Wednesday, February 22, 2012

The Reading List (No. 6)

I'm sick of bad lawyers.

And I'm sick of bad lawyers filing bad lawsuits. Unfortunately, in my area of the legal world - trade secrets and non-compete law - this happens all the time. Lawyers who act as mere shills for their irrational clients. Lawyers abusing the legal process to achieve some ulterior purpose - usually to force a competitor to do something it otherwise would not have to do. Lawyers talking clients into a suit because there is too little legitimate legal work out there, and, well you know, billable hours need to come from somewhere.

It's all very aggravating, and the system has to change. I'm all for civility, but if lawyers abuse the legal system, they need to pay - literally and figuratively.

The sum total of today's Reading List is all of one, a great piece by Matthew Prewitt of Schiff Hardin discussing bad faith fee-shifting liability under the Uniform Trade Secrets Act. Mr. Prewitt outlines some excellent practical, and legal, considerations for clients and lawyers to think about. This should be required reading for any competition lawyer.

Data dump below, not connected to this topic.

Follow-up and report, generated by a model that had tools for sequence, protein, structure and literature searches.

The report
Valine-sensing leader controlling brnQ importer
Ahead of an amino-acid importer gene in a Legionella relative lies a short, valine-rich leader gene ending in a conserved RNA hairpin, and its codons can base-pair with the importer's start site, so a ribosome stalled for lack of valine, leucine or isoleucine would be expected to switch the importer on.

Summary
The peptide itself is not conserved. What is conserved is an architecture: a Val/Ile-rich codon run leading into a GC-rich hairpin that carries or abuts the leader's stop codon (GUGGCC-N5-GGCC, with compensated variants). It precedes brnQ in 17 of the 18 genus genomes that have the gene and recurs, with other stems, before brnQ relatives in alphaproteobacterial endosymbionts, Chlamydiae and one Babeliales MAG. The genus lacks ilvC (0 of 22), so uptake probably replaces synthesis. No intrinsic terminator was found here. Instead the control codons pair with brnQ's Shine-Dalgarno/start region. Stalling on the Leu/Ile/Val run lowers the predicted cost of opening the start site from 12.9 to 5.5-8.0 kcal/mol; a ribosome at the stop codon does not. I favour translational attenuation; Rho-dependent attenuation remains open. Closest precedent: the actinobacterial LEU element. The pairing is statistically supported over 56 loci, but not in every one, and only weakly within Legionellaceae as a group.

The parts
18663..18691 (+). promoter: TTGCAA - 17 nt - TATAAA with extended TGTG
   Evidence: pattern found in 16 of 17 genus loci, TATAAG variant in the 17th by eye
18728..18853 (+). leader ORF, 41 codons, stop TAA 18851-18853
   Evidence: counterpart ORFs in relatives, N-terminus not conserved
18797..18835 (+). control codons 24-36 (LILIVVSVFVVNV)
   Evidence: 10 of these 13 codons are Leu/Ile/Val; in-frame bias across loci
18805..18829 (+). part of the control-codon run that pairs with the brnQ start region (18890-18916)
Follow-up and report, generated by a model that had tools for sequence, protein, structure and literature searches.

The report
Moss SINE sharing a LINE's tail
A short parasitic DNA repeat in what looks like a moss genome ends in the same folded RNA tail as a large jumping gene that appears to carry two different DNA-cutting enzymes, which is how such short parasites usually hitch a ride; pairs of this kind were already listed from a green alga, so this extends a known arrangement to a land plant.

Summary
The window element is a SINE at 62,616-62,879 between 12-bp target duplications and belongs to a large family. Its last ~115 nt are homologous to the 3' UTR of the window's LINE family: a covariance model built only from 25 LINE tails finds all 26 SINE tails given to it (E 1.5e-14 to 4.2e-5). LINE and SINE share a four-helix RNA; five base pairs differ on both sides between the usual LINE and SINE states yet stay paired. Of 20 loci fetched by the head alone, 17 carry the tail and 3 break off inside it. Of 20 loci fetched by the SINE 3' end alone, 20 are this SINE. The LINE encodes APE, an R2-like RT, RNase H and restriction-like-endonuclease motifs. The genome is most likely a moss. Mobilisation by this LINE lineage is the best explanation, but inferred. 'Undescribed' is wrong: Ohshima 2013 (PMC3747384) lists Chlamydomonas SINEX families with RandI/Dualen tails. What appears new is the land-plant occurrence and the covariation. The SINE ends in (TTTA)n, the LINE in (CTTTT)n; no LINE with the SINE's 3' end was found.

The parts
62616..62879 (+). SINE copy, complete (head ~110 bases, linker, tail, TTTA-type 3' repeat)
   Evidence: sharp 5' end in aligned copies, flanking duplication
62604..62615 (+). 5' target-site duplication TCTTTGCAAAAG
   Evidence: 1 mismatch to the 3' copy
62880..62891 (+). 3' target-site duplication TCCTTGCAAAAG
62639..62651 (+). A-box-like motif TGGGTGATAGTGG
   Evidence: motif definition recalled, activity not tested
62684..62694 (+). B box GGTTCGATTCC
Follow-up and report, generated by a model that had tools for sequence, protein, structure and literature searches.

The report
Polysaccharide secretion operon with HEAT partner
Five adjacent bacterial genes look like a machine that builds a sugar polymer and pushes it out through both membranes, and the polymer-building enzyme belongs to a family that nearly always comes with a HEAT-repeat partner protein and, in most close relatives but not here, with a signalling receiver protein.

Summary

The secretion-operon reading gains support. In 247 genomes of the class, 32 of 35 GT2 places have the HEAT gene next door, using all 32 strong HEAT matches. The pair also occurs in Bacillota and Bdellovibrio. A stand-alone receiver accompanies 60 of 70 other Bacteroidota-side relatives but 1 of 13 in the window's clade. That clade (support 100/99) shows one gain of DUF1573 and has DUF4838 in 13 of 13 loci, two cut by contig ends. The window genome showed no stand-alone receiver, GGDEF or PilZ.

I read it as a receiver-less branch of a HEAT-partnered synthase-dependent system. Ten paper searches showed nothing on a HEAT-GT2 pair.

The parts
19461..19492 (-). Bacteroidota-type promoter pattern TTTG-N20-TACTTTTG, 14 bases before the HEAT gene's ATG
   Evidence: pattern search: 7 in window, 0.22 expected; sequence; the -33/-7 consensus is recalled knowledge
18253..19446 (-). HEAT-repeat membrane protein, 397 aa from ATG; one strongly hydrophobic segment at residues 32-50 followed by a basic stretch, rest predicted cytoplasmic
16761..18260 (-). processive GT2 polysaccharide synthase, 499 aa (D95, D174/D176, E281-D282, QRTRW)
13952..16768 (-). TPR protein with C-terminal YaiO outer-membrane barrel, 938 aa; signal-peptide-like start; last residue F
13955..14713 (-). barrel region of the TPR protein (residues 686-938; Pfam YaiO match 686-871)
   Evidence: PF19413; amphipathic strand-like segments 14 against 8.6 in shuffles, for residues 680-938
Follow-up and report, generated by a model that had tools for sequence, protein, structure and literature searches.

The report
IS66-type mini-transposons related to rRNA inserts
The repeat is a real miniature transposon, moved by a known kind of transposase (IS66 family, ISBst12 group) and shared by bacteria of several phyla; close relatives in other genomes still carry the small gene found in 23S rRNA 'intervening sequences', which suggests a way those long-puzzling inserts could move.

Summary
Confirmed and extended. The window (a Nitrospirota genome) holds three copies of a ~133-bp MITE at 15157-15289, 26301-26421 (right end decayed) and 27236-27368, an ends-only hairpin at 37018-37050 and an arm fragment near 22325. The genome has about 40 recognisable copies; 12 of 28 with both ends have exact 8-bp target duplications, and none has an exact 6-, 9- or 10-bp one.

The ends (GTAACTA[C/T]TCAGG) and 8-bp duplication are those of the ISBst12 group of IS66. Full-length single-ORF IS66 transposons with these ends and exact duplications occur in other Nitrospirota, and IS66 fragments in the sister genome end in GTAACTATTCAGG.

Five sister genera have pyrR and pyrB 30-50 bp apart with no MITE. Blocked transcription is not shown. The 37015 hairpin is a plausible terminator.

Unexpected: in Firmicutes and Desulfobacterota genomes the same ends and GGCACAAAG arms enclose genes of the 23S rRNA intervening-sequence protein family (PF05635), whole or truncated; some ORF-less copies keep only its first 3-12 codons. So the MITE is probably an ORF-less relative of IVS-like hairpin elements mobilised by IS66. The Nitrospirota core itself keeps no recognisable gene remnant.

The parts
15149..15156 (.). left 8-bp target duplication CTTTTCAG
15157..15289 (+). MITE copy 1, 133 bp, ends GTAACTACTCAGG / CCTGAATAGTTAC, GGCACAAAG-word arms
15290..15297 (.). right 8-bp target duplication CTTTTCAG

The basic problem is pretty simple. Competition law is not easy to figure out, particularly if you don't practice it with some regularity. It moves quick, which leads to inept and poorly planned decisions. And it's emotional, meaning a client can try and mulct a claim out of nothing, which might actually sound convincing on paper. Finally, it's expensive, which leads to parties getting themselves into intractable positions early, with no face-saving way out.

None of this is an excuse; rather, it's an explanation. A lawyer's failure to understand a case is no excuse, and he or she has the obligation to cut and run even if the client doesn't see it the same way. It's rare that actually happens, however. Until there is some meaningful, readily ascertainable remedy for crummy lawyering in this area of the law, the system will continue to allow parties to get away with using the legal purpose not to right a wrong, but to gain a foothold in the market. Not. Cool.

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